Our Voice: Noem takes GOP leaders to task over farm bill
Rep. Kristi Noem is frustrated and is not shy about explaining what is wrong with the farm bill that is stalled in Congress.
“A lot of thought, a lot of work went into finding $16 billion in savings,” Noem told the American News editorial board last week. “We haven’t done a very good job over the last several decades (explaining) why we have farm policy.”
Noem said new members of Congress haven’t worked on a farm bill before and have no agriculture in their home districts.
“They see food stamps and big checks to farmers,” the South Dakota Republican said.
Her frustration boiled over at a June GOP meeting after the farm bill failed to pass, according to Politico.
She lamented a lack of leadership from House Speaker John Boehner and Majority Leader Eric Cantor of Virginia. While she thought the meeting would be to outline a plan to get the farm bill passed — gutting nutrition assistance programs would drain the necessary Democratic support from the bill — instead, Boehner and Cantor asked for ideas from the room.
“Screw you … I’m done helping you,” she said, noting she won’t support Republican colleagues on their projects until they get behind the farm bill.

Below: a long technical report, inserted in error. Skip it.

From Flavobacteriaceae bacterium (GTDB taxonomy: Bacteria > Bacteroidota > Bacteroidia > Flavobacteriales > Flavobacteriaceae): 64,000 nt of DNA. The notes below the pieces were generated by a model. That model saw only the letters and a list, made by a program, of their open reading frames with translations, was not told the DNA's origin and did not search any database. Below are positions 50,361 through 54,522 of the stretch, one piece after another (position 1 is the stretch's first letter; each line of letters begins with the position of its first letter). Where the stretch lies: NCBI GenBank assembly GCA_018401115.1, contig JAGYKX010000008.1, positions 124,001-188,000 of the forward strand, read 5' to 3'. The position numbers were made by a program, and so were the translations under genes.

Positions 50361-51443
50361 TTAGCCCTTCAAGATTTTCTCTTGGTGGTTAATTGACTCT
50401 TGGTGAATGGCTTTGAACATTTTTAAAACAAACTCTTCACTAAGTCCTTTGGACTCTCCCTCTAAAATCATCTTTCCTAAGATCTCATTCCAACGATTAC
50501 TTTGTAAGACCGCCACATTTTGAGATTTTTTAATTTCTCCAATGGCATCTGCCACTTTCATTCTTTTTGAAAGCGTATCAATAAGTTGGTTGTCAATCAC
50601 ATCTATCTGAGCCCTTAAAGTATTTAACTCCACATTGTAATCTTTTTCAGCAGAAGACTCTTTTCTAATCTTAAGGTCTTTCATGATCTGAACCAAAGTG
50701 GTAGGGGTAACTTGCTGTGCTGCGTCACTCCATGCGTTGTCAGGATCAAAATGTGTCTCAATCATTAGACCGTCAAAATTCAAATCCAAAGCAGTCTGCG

The Noem who visited our offices was a different person from candidate Noem in 2010. Now a two-term Congresswoman, she is studied on top issues, and that gives her anger and passion justification. Once a freshman GOP leader, today she is comfortable taking her own party to task on top-of-mind issues for South Dakotans.
Noem spoke on a few other key topics Tuesday:
• Noem is behind the End Sex Trafficking Act of 2013, which seems to take a proactive rather than reactive position against those who are part of the chain of abuse. Several human trafficking arrests in the Black Hills during the Sturgis rally this summer are the latest example of a widespread and growing problem.
The bill, Noem said, will go after the “perpetrators,” those who solicit or attempt to purchase sexual acts. At this time, Noem said, federal law doesn’t prosecute those people under trafficking laws.
While they might not be trafficking young boys and girls, per se, these people create the demand. This legislation would give extra tools to prosecutors.
• Noem again expressed support for ethanol production, reiterating the need for the infrastructure to allow ethanol and blends to compete pump-to-pump with gasoline. She described it as “affordable and renewable.”
“Ethanol has lost a little market share,” Noem said. “But ethanol has never been on fair footing.”
— American News editorial board